We get asked all the time, “How do you guys make your comics?”
The question usually stems from a desire to make their own. Your artistic expression and creative method will be unique to you. After all, isn’t that what art is all about? The art form of comic books combine writing with illustration to tell a story. Just like you, we want to tell stories. Ours are delivered in several formats, but this topic focuses on our comic book storytelling process. Ultimately, you will discover your own process, but it all comes down to just do it.
The biggest word of advice we give covering the entire process is Budget. To figure out what your budget is, take into account your skills, time and resources. Can you draw people or environments or do you want to learn how? How long will it take you to draw a character, a panel, a page, etc.? Another time factor to consider is, when you will be able to work on the project outside of work, family and school commitments? Resources can come in the form of editor, book layout/pre-press person, script supervisor, additional artists and many many more.
Pentavis Comics are Computer Generated Comic (CGC) books. 3D software is used to create characters, props, environments, cameras, lighting, etc. The cameras create images that you see as panels on a comic book page. Photoshop and Illustrator are used for textures. It is all brought together in InDesign to go to print or digital. This is our Production Process.
Our Creative Process is based on movie-making methods. It starts with a script. We storyboard the script. With a storyboard we can create mockup scenes to see how things flow. The last step is creating the final images. There are many sub-steps during the process, but you will see them and how it all comes together in this blog series.
Step 1 – The Script
This step is where Budget really comes into play. Write the story based on what your skills allow, how much time you can invest and how many resources you have access to. Solinox #1: The Past Returns was well outside our budget! It was twice the page-count; it had five times more characters; and had more sets than any of our previous issues. [All fingers should point at Tony]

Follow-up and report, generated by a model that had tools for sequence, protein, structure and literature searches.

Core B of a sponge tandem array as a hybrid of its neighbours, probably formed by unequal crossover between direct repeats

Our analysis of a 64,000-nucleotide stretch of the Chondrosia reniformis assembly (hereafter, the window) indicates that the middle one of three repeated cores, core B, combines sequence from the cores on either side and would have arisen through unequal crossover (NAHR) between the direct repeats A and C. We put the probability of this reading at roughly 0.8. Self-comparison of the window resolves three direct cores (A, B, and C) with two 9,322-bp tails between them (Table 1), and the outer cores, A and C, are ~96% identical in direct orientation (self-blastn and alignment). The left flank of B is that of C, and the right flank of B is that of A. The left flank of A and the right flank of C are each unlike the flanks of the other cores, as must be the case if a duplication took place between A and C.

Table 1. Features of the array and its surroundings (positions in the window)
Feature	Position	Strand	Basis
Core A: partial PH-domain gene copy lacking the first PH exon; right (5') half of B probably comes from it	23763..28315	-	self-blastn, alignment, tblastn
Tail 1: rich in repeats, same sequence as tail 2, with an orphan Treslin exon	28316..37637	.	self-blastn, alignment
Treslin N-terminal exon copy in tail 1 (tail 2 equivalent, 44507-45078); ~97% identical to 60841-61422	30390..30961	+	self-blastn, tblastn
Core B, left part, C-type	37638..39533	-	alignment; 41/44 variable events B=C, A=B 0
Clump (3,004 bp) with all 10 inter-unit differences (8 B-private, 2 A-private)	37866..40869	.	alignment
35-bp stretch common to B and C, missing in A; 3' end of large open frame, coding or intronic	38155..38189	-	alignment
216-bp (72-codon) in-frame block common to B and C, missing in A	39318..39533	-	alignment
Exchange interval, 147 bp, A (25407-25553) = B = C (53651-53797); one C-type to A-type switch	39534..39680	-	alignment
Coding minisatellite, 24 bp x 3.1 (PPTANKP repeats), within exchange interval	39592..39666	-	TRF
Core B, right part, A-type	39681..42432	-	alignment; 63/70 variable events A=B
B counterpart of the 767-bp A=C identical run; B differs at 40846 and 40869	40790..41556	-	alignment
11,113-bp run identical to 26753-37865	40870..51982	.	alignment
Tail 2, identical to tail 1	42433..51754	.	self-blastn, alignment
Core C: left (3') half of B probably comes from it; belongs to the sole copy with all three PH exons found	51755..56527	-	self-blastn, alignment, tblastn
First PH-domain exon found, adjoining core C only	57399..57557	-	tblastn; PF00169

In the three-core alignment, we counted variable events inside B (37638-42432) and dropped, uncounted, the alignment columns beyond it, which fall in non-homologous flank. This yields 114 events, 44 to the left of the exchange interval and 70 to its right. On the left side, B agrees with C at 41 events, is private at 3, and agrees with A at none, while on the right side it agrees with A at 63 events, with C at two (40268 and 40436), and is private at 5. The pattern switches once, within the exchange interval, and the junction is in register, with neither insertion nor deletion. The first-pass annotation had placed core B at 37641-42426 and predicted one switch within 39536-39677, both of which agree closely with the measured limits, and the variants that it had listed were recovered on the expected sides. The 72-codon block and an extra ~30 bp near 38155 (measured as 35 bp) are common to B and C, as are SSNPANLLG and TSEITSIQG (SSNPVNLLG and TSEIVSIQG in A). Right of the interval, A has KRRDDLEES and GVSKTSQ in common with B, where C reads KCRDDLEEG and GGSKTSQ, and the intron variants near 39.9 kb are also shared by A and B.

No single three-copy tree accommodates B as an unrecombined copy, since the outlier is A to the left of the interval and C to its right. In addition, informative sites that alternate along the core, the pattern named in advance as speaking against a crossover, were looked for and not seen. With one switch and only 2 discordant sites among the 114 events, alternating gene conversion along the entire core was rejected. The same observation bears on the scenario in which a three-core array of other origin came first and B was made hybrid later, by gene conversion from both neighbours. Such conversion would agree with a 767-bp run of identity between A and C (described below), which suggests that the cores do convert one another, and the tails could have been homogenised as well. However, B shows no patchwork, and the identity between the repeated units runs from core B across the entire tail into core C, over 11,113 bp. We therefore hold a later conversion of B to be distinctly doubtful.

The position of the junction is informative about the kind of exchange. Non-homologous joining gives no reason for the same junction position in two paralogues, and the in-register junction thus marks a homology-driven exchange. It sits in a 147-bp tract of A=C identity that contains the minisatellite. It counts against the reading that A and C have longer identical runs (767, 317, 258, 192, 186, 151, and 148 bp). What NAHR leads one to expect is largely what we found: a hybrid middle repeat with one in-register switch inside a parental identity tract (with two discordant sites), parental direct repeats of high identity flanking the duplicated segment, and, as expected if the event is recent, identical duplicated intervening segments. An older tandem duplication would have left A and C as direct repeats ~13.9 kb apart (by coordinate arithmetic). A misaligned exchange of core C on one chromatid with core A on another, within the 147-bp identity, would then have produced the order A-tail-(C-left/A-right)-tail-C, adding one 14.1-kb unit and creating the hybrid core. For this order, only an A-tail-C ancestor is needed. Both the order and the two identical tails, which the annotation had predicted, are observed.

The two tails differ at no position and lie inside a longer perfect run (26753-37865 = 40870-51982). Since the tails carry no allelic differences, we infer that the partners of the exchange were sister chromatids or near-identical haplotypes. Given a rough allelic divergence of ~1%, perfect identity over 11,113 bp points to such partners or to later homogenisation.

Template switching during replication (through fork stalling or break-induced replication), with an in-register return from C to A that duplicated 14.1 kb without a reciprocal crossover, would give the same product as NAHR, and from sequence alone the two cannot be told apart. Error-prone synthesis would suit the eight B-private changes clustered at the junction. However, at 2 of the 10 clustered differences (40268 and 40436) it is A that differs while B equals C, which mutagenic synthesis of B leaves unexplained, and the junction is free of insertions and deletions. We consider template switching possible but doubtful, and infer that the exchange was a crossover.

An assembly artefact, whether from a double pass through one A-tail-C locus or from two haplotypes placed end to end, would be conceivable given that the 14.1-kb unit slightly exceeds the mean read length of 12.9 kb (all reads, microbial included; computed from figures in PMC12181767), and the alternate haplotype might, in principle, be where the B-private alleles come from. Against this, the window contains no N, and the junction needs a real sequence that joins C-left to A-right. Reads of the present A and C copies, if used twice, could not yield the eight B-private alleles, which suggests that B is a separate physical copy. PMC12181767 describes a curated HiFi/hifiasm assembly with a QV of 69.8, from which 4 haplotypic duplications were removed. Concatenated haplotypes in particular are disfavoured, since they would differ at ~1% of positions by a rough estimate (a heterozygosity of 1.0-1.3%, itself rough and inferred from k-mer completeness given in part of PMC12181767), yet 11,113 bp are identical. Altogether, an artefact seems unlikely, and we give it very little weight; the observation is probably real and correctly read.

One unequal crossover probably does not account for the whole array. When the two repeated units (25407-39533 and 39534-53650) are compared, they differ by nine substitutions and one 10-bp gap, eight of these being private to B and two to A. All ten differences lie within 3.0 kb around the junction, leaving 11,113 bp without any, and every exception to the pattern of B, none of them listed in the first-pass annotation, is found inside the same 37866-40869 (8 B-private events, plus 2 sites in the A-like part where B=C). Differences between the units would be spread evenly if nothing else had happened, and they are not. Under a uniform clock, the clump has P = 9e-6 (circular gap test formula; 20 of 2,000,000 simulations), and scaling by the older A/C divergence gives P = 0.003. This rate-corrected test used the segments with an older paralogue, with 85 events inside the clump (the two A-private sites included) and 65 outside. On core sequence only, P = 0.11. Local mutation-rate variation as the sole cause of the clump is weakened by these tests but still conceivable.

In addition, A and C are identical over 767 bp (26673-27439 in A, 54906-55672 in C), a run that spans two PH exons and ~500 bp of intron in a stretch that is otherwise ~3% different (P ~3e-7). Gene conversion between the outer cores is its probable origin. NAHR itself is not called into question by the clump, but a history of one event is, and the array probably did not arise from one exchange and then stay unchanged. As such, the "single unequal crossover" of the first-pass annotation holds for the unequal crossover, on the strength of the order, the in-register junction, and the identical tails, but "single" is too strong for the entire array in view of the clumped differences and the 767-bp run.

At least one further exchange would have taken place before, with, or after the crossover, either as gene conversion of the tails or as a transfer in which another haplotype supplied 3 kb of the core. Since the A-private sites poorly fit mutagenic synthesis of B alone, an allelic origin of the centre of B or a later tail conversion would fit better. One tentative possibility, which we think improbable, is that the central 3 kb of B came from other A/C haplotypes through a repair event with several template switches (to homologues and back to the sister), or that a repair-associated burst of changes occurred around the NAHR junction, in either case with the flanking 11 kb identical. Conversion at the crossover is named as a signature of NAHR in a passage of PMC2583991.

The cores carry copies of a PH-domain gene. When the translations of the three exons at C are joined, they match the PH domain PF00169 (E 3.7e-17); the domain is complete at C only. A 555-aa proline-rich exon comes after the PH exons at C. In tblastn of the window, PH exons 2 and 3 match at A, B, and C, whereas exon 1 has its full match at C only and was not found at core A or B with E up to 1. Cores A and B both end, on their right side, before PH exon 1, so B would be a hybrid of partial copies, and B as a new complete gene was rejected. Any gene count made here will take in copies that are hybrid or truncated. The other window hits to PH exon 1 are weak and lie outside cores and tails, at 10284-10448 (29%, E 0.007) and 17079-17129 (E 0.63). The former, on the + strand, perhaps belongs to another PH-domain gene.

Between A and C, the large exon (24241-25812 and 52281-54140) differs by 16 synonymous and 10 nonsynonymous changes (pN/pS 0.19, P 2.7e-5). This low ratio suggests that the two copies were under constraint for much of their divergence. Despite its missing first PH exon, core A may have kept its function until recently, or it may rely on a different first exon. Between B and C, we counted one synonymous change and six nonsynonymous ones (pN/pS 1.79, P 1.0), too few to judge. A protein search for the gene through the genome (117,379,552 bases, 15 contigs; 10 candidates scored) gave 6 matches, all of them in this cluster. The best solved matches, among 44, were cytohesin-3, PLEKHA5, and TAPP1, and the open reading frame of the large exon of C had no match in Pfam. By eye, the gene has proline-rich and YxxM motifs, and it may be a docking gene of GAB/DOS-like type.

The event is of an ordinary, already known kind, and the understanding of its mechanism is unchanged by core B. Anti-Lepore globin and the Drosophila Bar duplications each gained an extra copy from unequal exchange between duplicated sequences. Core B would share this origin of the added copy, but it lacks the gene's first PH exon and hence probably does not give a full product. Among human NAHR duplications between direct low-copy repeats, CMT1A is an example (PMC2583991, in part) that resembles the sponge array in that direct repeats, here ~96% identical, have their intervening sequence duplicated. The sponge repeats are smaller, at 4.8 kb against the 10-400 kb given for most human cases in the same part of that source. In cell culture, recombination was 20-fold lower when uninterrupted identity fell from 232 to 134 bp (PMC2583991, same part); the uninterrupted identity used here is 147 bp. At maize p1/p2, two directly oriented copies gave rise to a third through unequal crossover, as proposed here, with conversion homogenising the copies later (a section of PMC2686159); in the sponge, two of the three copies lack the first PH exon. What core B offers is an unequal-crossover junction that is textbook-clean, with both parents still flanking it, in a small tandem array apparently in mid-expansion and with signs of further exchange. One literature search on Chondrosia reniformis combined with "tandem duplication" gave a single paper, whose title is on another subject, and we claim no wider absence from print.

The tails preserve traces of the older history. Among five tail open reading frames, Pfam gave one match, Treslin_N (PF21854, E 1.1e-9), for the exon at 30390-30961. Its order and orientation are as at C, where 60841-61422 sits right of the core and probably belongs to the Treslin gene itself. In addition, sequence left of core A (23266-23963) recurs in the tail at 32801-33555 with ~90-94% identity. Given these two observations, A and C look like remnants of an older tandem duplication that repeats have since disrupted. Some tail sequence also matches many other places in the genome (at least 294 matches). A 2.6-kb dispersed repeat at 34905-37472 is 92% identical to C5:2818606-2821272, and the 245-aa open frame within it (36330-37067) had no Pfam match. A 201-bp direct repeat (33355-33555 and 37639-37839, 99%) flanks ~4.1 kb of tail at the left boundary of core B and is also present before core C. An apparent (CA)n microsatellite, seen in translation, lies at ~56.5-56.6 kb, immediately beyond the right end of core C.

The script is instrumental in knowing most everything about the project. It sets characters, environments, shots, moods and much more. An asset to your script is to create bios for each of your characters. Also, take notes about places and things to weave into the richness of your script. To learn more about script writing, check out this Wiki page. When writing it, always keep in mind your Budget.
Can you write and design as many different characters’ backgrounds, personalities, interactions, etc. that are required? We challenged ourselves with setting our 3D characters up for animation. This technique, in addition to troubleshooting it, added time to our Budget.
Can you illustrate the environments where your story is taking place? We had more locations in Solinox #1 than previous projects. The amount led to a lot of time modeling and texturing every prop. The lighting was different for each set and was dependent upon interior or exterior shots.
Do you have the time to invest in the size of the script? The shot list will give you a rough estimate of how many panels you may need. They will ultimately be set by page count and modifications during the finalization process. This will be covered in Part II: The Storyboard and Part IV: Finalizing Your Comic Book of this blog series.
When taking into account your skills for the Budget, leave some wiggle-room for learning. As part of our project planning, we include a feature or education that will enhance our products. For Solinox #1 we set these challenges:
Skill challenge #1 – Build a private jet and its interior to match our art style.
Skill challenge #2 – Build a construction site with diverse props.
Skill challenge #3 – Create a rig to drive character poses/movement.
Skill challenge #4 – Create VR images from our sets.
Now that you have the big picture of your comic book, you can begin the writing process. Your lively characters come into play as they act out their parts. The rich environments bring mood and theme to the story. Your writing skills tell a story that will be complemented by visuals in your new book.
This blog series will continue with Part II: The Storyboard. You will discover a method of visually outlining your script to fit the comic book product. As you can tell, hand-drawn illustrations are not our strong suit.
Thank you for taking the time to read. If you liked this post, please pass it on and follow us on social media. We hope to hear from you.
Tony and Ron Higgins